SUNDERLAND A.F.C.
Founded: 1879


Also Known As:
SUNDERLAND & District Teachers (1879)
SUNDERLAND AFC (1880-)




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SUNDERLAND A.F.C. (Association Football Club)
Included Info: Brief History, Club/Stadium Info, Team Jersey & Much More...

BRIEF HISTORY of SUNDERLAND FOOTBALL CLUB (reproduced from 'Wikipedia' pages)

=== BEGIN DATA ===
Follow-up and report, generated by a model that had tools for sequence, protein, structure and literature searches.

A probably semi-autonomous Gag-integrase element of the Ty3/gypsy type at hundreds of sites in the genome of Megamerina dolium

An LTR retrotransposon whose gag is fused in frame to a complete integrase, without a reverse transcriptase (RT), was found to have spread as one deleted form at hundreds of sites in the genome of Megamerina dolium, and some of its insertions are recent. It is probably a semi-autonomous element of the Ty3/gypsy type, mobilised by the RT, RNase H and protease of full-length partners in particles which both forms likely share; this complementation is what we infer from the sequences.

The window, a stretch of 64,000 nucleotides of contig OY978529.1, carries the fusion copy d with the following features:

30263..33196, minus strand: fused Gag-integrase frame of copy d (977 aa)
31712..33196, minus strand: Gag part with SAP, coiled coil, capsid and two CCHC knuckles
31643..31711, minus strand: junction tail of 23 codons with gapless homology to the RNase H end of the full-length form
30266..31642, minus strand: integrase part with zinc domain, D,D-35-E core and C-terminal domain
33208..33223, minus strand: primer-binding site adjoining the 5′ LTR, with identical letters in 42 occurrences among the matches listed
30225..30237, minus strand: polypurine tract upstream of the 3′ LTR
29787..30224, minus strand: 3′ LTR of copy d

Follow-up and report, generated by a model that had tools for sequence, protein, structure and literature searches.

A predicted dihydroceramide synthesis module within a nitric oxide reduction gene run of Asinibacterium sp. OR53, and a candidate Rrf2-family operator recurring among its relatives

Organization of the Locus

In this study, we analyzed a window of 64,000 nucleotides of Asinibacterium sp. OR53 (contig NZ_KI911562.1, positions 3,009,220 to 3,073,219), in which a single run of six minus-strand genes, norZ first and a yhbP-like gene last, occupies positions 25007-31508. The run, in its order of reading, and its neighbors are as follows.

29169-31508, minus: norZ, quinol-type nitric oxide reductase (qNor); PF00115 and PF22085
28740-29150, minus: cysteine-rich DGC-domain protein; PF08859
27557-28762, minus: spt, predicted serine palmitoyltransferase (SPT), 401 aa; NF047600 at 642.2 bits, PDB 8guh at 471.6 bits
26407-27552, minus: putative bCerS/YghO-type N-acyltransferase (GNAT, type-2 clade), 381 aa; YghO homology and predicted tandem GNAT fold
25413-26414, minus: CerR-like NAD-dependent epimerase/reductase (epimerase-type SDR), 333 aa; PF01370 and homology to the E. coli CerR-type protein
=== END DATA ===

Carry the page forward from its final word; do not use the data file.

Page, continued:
Founded in 1879 as 'Sunderland and District Teachers A.F.C.' by schoolmaster James Allan, Sunderland joined The Football League for the 1890–91 season. They replaced Stoke, who had failed to be re-elected, becoming the first new club to join the league since its inauguration in 1888. Sunderland won the league championship in the 1891–92 season, one season after joining The Football League. Sunderland came close to winning a third successive league championship in the 1893–94 season, finishing second behind Aston Villa. However, they regained the title in the 1894–95 season, ending the season five points ahead of Everton. After winning the English League Championship, Sunderland played against Heart of Midlothian, the champions of the Scottish League, in a game described as the Championship of the World title match. Sunderland won the game 5–3 and were announced "Champions of the world". Sunderland came close to winning another league title in the 1897–98 season, when they finished as runners-up to Sheffield United. That season was their last at Newcastle Road, as they moved to Roker Park the following season. After coming second in 1900–01, the club won their fourth league title in the 1901–02 season, beating Everton by a three-point margin. On 5 December 1908, Sunderland achieved their highest ever league win, against north-east rivals Newcastle United. They won the game 9–1. The club won the league again in 1913, but lost their first FA Cup final 1–0 to Aston Villa, in a very tough loss. Two seasons later the First World War brought the league to a halt. After the league's resumption, Sunderland came close to winning another championship in the 1922–23 season, when they were runners-up to Liverpool. They also came close the following season, finishing third, four points from the top of the league. The club escaped relegation from the First Division by one point in the 1927–28 season despite 35 goals from Dave Halliday.